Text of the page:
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I am reading code for Scheme interpreters with Python by P. Norvig, and I would like to try to write an interpreter with Python. This is properly the subject of post: What language can a junior programmer implement an interpreter for it?. However, I am strongly interested in learning OCaml for a long time, and it could be the right occasion if I make up my mind for OCaml.

Should I expect much effort to implement a Python interpreter of OCaml language? This is just a personal project and my aim (besides learning OCaml), is mainly to practice the things I have read on compilers and interpreters.

If OCaml is not suited, what would you personally advice?

Could you hint at good ref for OCaml (or even: writting an OCampl parser/interpreter).

## EDIT

What about Lua / Ruby / BASIC ? (because I want to learn those as well)

Thanks and regards

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Are you proposing to write a Python interpreter in OCaml or an OCaml interpreter in Python? –  Jon Harrop Dec 2 '13 at 9:54
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4 Answers

up vote 3 down vote accepted

You can start reading SICP of Gerald Sussman from MIT, and in the 4th chapter you will build a few interpreters for different purposes. In the 5th chapter you will build compilers.

Also, try reading the source code of GNU/Emacs, which has a nice interpreter of elisp.

Also, you can subscribe to Compilers course of coursera.org, ad build there a quite complex interpreter.

I suggest you to write an interpreter of scheme/lisp, because you do not have to cope with parsing, and python works exactly the same as these.

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Thanks. Already signed up for coursera ;) –  antitrust Jul 15 '12 at 19:30
    
For compilers purposes, it is hightly recommendable to subscribe in the same time to the course of Automata with Ullman, because in compilers building you use almost everything what is learnt in the course of automata... –  alinsoar Jul 15 '12 at 19:36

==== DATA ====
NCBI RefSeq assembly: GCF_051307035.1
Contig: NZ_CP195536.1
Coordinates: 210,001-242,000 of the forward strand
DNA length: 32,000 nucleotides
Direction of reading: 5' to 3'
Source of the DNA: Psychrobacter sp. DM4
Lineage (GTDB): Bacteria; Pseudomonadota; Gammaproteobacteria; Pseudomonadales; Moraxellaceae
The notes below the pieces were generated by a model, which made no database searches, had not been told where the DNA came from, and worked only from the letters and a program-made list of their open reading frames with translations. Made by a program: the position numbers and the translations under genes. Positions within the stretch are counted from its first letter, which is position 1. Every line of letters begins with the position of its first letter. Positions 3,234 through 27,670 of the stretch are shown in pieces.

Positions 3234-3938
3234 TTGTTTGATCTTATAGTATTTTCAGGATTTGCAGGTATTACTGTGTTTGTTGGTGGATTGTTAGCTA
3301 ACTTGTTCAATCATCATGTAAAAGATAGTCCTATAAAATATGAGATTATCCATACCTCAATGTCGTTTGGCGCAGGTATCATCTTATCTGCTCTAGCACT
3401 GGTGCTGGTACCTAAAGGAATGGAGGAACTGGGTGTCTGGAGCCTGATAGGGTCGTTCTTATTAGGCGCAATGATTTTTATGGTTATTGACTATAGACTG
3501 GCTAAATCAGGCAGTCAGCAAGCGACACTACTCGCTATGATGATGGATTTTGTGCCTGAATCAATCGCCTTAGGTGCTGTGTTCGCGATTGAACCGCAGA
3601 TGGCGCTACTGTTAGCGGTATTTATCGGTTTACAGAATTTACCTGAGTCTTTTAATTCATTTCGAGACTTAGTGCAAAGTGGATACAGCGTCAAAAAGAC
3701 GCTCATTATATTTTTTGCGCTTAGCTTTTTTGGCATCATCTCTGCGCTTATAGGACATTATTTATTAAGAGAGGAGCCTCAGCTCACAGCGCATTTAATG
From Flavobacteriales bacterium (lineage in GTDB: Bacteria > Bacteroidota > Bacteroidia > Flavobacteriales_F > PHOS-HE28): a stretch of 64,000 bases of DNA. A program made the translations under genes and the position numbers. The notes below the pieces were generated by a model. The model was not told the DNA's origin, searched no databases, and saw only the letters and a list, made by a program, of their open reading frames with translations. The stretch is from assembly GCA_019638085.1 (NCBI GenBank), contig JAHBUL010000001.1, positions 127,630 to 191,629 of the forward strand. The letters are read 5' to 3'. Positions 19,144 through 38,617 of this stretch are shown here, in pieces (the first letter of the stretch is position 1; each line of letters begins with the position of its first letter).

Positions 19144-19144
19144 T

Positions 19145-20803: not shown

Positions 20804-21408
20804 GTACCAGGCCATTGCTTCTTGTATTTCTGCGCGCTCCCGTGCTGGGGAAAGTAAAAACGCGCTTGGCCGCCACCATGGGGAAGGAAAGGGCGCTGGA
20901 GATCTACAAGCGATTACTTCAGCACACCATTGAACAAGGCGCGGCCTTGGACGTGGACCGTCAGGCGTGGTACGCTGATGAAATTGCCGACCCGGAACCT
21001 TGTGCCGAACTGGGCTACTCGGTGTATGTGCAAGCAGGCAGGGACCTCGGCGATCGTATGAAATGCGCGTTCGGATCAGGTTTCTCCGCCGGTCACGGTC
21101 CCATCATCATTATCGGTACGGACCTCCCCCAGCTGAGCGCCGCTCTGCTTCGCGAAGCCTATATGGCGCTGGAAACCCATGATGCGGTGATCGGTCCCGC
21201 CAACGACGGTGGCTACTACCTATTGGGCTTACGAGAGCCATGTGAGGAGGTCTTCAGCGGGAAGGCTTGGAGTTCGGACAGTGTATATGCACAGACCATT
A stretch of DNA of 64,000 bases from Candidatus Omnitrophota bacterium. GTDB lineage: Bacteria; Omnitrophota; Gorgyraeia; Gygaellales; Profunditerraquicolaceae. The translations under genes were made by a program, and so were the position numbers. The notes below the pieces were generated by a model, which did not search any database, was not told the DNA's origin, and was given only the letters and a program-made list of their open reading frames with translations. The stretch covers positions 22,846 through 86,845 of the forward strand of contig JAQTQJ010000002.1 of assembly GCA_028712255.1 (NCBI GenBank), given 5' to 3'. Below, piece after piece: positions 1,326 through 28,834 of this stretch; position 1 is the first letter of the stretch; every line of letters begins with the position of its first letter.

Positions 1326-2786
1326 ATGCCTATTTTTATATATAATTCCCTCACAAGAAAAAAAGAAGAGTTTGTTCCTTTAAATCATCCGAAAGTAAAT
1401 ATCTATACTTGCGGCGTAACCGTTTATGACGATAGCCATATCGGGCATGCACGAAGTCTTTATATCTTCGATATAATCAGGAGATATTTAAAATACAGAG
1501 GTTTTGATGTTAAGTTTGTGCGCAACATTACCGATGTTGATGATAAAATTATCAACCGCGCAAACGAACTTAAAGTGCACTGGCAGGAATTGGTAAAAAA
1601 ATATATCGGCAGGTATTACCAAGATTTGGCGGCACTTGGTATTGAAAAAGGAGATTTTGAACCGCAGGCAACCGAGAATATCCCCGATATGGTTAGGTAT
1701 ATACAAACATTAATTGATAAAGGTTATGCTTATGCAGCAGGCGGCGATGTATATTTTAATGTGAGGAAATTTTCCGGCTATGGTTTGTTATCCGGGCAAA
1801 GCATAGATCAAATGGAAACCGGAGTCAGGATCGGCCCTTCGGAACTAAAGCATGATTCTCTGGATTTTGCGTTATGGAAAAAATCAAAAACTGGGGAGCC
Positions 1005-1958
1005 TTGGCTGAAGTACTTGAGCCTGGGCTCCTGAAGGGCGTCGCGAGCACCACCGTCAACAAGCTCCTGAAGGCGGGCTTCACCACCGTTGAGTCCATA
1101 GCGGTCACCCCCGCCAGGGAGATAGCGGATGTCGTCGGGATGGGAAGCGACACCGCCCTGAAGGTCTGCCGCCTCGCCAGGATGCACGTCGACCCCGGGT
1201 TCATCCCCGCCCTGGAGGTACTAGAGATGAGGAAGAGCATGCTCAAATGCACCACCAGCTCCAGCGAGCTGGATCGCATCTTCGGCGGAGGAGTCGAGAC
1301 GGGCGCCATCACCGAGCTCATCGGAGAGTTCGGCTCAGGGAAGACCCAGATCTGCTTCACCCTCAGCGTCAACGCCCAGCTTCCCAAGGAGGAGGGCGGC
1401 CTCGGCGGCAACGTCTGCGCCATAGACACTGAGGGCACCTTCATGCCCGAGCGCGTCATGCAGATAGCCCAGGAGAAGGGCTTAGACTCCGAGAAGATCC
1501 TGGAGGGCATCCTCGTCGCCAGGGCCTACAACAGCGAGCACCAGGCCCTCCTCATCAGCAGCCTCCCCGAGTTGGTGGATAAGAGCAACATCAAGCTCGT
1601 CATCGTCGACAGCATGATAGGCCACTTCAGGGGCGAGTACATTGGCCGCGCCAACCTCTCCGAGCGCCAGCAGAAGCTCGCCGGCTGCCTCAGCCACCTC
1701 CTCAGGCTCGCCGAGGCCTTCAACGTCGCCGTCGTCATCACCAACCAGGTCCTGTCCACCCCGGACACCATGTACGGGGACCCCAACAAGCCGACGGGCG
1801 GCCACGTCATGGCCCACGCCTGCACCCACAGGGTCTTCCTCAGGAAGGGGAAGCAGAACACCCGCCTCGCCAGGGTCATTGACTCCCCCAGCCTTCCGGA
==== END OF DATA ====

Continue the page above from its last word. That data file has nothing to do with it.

registered, tks –  antitrust Jul 16 '12 at 10:52
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You seem to be saying you want to create an OCaml interpreter in Python (not a Python interpreter in OCaml, right?). OCaml per se is too large a language to choose for an educational project, in my opinion. I would choose a much smaller language. That's why Scheme is a good choice--the core language is quite small.

With OCaml you also have type inference, which is excellent to learn about but again is a rather large topic.

For something small and somewhat ML-ish you might start with the untyped lambda calculus. It's an extremely common test case.

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If you want a good introduction to the semantics underpinning of OCaml (a bit of the theory), you should have a look at the book Using, Understanding, and Unraveling The OCaml Language by Didier Rémy.

Writing an implementation of the full OCaml language would be quite some work, but writing an implementation of a reasonable subset of it is doable, for example, as a semester project.

Given than ML languages are very good at symbolic manipulations (interpreters, compilers, analysers, proof checkers...), it is probably more fun to write a Python implementation in OCaml than an OCaml implementation in Python -- which may explain some confusion around your question.

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How to write an interpreter (in Python)

This is a video I made a while ago, after giving a similar talk at a local Python meetup. In the video I implement a small functional language in Python in under an hour. This might be a good place to start .

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